Following the extravagant yet guilt-ridden personal life of Sir Elton John, ‘Rocketman’ is going to get a lot of comparisons to ‘Bohemian Rhapsody‘ come next Oscar season. As the movies are quite identical. Both featuring an extravagant British rockstar — who were closeted homosexuals at different points in their lives — and a cast of distinct and loving supporting characters. Who all seek to help their best friend recover from isolation and addiction in the 70s, to rise to the level of greatness that we the audience, know they’ll eventually achieve — given the infamous reputation that precedes them.
‘Rocketman’ is set up the exact same as ‘Bohemian Rhapsody’
Unironically, this is because both movies feature the same director: Dexter Fletcher. Fletcher had taken over directing duties on ‘Bohemian Rhapsody’ for Bryan Singer once Singer’s past abuse scandals came to light. The movies, as a result, became spitting images of each other. The exception being that in an ironic twist, ‘Rhapsody’ was PG-13, while ‘Rocketman’ was rated R (who knew Elton John had a crazier Rockstar life than Freddie Mercury?) In fact, because Fletcher helmed both movies, that were both set around the same time period, there was actually a small chance Rami Malek’s Freddy Mercury could’ve appeared in this movie. As movies based on beloved music icons are having their own renaissance of sorts (Love and Mercy, Miles Ahead, Straight Outta Compton, A Star is Born), and hot ticket cross-overs like the Avengers, are making movies that bridge universes rather financially appealing (Maybe all these Rockstars will perform at the infamous Live-Aid concert?). The decision not to was simply out of the director’s avoidance of cinematic universes as he felt it would be too on the nose (though given the success both film’s have, it wouldn’t surprise me if studios took wind and tried it anyway).
Surprisingly, John Reid is portrayed by two ‘Game of Thrones’ Former Cast Members. Seeing Robb Stark grow up to become Littlefinger
Likewise, a film cross-over would also have been complicated because both movies feature manager John Reid, who unironically also plays a villain of sorts in both stories. In ‘Bohemian Rhapsody’, he is played by Aiden “Littlefinger” Gillen, as a misguided manager who tells Freddie Mercury to go solo — who even negatively comments that a six-minute song (Bohemian Rhapsody) was far too long to ever be successful. In ‘Rocketman’, he is played by Richard “Rob Stark” Madden, a secretly uncaring manager who wooed Elton John and became his lover, though mostly for his own profit.
Both movies focus in on Natural Talent
Regardless of the could have been cross-over or sequel, both films are excellent in their own regard, structured in a very ‘monomythic‘ fashion that focuses on raw talent. Focusing in on both Elton John and Freddie Mercury’s natural gifts at an early age. Freddy Mercury, with abnormal extra teeth leaving ‘alleged’ room for extra octave vocal range, and Elton John with apparent perfect pitch: an ability to listen to any tune and recreate it on the piano. It should be noted that both these performers are technically portrayed to be superhuman, which fits the monomythic structure rather nicely.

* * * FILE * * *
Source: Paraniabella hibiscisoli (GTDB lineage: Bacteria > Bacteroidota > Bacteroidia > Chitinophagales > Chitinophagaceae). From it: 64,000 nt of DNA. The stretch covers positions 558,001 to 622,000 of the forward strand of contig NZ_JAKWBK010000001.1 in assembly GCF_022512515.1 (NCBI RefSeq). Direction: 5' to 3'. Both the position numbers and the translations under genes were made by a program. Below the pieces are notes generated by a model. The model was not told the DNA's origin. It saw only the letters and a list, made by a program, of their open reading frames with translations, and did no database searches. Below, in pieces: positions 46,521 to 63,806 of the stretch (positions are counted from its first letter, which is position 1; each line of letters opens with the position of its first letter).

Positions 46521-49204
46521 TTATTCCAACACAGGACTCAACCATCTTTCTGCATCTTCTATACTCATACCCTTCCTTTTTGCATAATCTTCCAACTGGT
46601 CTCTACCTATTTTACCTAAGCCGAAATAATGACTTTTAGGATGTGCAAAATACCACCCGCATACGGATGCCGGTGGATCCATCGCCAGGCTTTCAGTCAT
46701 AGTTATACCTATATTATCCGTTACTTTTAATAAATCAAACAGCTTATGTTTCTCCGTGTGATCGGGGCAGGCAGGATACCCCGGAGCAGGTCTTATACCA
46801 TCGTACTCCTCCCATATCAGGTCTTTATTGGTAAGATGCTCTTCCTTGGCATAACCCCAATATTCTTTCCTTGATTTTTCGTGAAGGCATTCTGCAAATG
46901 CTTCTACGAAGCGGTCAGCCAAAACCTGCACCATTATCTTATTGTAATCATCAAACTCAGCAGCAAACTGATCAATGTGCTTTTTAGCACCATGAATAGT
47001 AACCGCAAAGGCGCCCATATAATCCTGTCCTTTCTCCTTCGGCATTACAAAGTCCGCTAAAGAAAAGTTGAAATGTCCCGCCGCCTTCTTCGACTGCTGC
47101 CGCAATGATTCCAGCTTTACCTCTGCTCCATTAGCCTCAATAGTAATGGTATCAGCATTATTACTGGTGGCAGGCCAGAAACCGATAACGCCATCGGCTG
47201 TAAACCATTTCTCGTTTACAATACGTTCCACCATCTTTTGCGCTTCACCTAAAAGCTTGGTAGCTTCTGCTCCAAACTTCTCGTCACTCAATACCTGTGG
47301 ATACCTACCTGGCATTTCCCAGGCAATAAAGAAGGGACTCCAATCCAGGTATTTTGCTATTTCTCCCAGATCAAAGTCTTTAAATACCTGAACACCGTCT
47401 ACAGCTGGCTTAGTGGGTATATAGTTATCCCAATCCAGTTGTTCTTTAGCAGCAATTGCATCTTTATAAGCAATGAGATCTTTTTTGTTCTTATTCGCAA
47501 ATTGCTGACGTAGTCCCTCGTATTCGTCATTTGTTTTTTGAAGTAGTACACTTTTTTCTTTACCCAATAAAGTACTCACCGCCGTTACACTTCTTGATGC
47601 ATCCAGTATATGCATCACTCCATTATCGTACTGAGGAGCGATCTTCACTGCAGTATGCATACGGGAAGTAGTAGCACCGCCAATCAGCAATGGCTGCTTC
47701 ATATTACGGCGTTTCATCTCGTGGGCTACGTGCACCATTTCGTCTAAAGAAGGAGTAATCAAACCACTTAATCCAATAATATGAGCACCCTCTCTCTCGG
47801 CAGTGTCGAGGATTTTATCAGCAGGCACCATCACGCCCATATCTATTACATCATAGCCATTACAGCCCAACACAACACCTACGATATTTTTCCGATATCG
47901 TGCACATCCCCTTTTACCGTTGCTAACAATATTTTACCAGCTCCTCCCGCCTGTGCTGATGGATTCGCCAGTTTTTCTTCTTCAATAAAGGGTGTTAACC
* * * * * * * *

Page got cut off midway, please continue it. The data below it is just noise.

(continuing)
Yet ‘Rocketman’ takes it a step further. Whereas Elton John is shown to be a naturally gifted performer, who various times throughout the years could transpose and even improvise a tune or melody, it also delves into his relationship with his co-songwriter who’d written all his lyrics for him throughout the years: Bernie Taupin (Jamie Bell). The movie does a great job showcasing how important Bernie is throughout Elton John’s life, showcasing him as a creative partner, brother, and friend. Which makes sense, given that Elton John served as executive producer for this movie, and Elton John’s husband, David Furnish, had spent over a decade trying to get this movie made — both of whom, knew Bernie personally.
‘Rocketman’ is a much Rawer Film
It should be stressed that this movie is rated R for a reason. As it’s a lot more graphic, and Elton John’s copious drug use and addictions are things he himself didn’t want to shy away from in the movie. Likewise, Rocketman was banned in Samoa over its gay love scenes. Which is surprising, as it’s not a graphic nudity scene, yet still showcases how uncomfortable people even now can be with adult material. Especially, given the parallelisms to the Oscar-winning ‘Bohemian Rhapsody’ and its surprisingly family-friendly nature in comparison.
Likewise, a lot of this is because Taron Egerton, who both acts and sings in this film, excels in giving a performance that’s convincing yet also very vulnerable. As it’s these moments of Elton John’s fragility behind the scenes, that make-up 2/3rds of this movie. Likewise, the climax and conclusions from Taron’s performance portray this as a man who’s come to term with his origins and past, in a very similar story structure to Freddy Mercury’s. With the exception, that Elton John has to find acceptance about who he is in this movie.
Not just with his homosexuality but with himself, his guilt, and his years of avoiding his problems by masking it behind the performance. And although it’s similarly powerful as Rhapsody, It doesn’t hold the same power in the performances, nor does the film stick the ending in my opinion. As I was honestly falling asleep during the end of the movie, given how many times we’ve seen stories about rockstars overcoming addictions.
Final Score: 8.9/10 (Which is what I would’ve also given Bohemian Rhapsody)
You can watch ‘Rocketman’ in theatres right Now